It would be desirable to enhance the immunogenicity of antigens, by methods other than the use of a conventional adjuvant, especially in monovalent preparations; and, in multivalent preparations, to have the ability to employ such a means for enhanced immunogenicity with an adjuvant, so as to obtain an even greater immunological response. There exists a need for safe and effective adjuvants that can enhance the action of vaccines, especially component vaccines comprised of recombinant proteins and that are easy to prepare and use.
It is an object of the present invention to provide adjuvant compositions comprised of N-formylmethionyl-peptides such as fMLP. It is a further object to provide methods of improving an immune response of a host animal or patient to an antigen or antigen of interest present in an immunological composition or vaccine, wherein the improvement lies in coadministration of N-formylmethionyl-peptide together with the antigen or antigens of interest. Additionally, the present invention contemplates formulations of antigen together with N-formylmethionyl-peptide in a variety of delivery vehicles. The present invention further contemplates molecular engineering for prokaryotic expression of novel proteinaceous antigens in which the nucleic acid sequence encoding such antigens has been altered so as to encode protein antigens which contain immunostimulatory formyl-methionyl peptide residues.
It has now been surprisingly found that N-formyl methionyl peptides such as fMLP can serve as potent adjuvants when administered with an antigen or antigens of interest in solution; there is no need to immobilize the N-formylmethionyl-peptide together with antigen within the lipid bilayer of liposomes. This finding has far-reaching implications. By obviating the need for liposome formulations the present invention provides for more convenient, easy to formulate immunological compositions or vaccines. The immunomodulating activity of the N-formylmethionyl-peptide can be conveniently altered on subsequent administrations, e.g., the same antigen preparation can be admixed with varying levels of N-formylmethionyl-peptide to optimize the desired immune response. Finally, the N-formylmethionyl-peptide can be readily engineered into the antigen of interest at the molecular level. This allows expression in a prokaryotic host of the recombinant antigen of interest together with the N-formyl methionyl peptide adjuvant of the present invention.
N-formyl methionyl chemotactic peptides react to a specific receptor on the plasma membrane. The peptide/receptor interaction stimulates chemotaxis, lysosomal enzyme release in neutrophils, superoxide formation and changes in intracellular CA++. Any peptide capable of binding to and triggering the chemotactic receptor will provide the adjuvant feature of the present invention. N-formyl tripeptides are more effective than are dipeptides. In a preferred embodiment, N-formylmethionylleucylphenylalanine (fMLP) is used.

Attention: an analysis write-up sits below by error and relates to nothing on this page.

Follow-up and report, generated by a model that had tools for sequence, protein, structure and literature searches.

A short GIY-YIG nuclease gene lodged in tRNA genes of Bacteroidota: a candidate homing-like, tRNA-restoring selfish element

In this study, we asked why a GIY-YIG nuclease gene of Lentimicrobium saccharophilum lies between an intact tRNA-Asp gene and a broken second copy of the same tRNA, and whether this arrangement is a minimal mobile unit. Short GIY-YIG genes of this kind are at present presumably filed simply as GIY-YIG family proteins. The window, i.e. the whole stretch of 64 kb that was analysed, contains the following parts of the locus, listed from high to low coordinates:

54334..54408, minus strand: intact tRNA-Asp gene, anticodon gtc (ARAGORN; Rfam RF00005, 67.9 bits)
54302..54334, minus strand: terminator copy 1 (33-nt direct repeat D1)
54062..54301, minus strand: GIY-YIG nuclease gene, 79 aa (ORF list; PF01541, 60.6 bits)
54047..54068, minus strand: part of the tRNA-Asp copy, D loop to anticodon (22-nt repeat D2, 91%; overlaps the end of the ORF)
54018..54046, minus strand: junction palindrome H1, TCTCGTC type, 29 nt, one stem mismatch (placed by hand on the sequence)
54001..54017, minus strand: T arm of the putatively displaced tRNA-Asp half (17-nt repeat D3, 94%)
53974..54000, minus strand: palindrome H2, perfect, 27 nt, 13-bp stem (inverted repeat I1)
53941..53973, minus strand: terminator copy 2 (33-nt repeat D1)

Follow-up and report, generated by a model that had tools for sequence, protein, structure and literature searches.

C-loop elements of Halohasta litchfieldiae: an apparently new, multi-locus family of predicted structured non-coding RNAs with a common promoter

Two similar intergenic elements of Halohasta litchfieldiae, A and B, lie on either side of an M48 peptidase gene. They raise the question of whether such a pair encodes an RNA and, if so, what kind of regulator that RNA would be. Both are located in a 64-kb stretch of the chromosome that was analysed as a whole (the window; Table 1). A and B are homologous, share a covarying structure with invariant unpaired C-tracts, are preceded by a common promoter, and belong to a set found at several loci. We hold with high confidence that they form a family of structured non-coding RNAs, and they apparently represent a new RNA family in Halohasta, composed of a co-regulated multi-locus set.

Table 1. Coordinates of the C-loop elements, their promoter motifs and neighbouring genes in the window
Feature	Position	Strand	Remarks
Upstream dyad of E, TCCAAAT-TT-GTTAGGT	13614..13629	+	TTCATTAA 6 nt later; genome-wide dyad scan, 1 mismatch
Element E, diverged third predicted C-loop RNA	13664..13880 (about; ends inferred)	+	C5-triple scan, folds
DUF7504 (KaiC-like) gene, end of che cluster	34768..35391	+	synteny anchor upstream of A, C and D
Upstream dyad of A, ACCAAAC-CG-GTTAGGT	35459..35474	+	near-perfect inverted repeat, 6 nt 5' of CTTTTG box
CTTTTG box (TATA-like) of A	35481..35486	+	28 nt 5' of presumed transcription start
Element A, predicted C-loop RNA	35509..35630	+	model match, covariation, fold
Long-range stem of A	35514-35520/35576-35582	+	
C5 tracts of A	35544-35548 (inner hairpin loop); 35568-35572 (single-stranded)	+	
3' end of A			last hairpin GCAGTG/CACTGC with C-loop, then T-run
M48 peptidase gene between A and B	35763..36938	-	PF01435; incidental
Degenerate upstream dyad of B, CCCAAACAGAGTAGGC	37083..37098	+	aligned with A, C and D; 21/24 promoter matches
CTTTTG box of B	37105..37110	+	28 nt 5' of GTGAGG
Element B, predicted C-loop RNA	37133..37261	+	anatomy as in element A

The N-formylmethionyl peptide can be introduced at the molecular level into recombinant antigens of interest, such that the expressed antigens are designed to contain the N-formylmethionyl peptide when expressed in a prokaryotic host. It may also be possible to formylate methionyl peptide residues engineered into recombinant antigens and expressed in eukaryotic hosts, for example by enzymatic means. In either event, it may be desirable to supplement such recombinant N-formyl methionylated antigens with additional N-formyl methionyl peptide in immunlogical compositions.
The present invention provides an immunogenic, immunological or vaccine composition containing N-formylmethionyl-peptide adjuvant, antigen or antigens of interest, and a pharmaceutically acceptable carrier or diluent. An immunological composition containing N-formylmethionyl-peptide adjuvant and antigen or antigens of interest, elicits an immunological response to the antigen or antigens of interest--local or systemic. The response can, but need not be, protective. An immunogenic composition containing N-formylmethionyl-peptide adjuvant and the antigen or antigens of interest, likewise elicits a local or systemic immunological response to the antigen or antigens of interest which can, but need not be, protective. A vaccine composition elicits a local or systemic protective response. Accordingly, the terms "immunological composition" and "immunogenic composition" include a "vaccine composition" (as the two former terms can be protective compositions).
The invention therefore also provides a method of inducing an immunological response in a host mammal comprising administering to the host an immunogenic, immunological or vaccine composition comprising N-formylmethionyl-peptide adjuvant together with the antigen or antigens of interest, and a pharmaceutically acceptable carrier or diluent.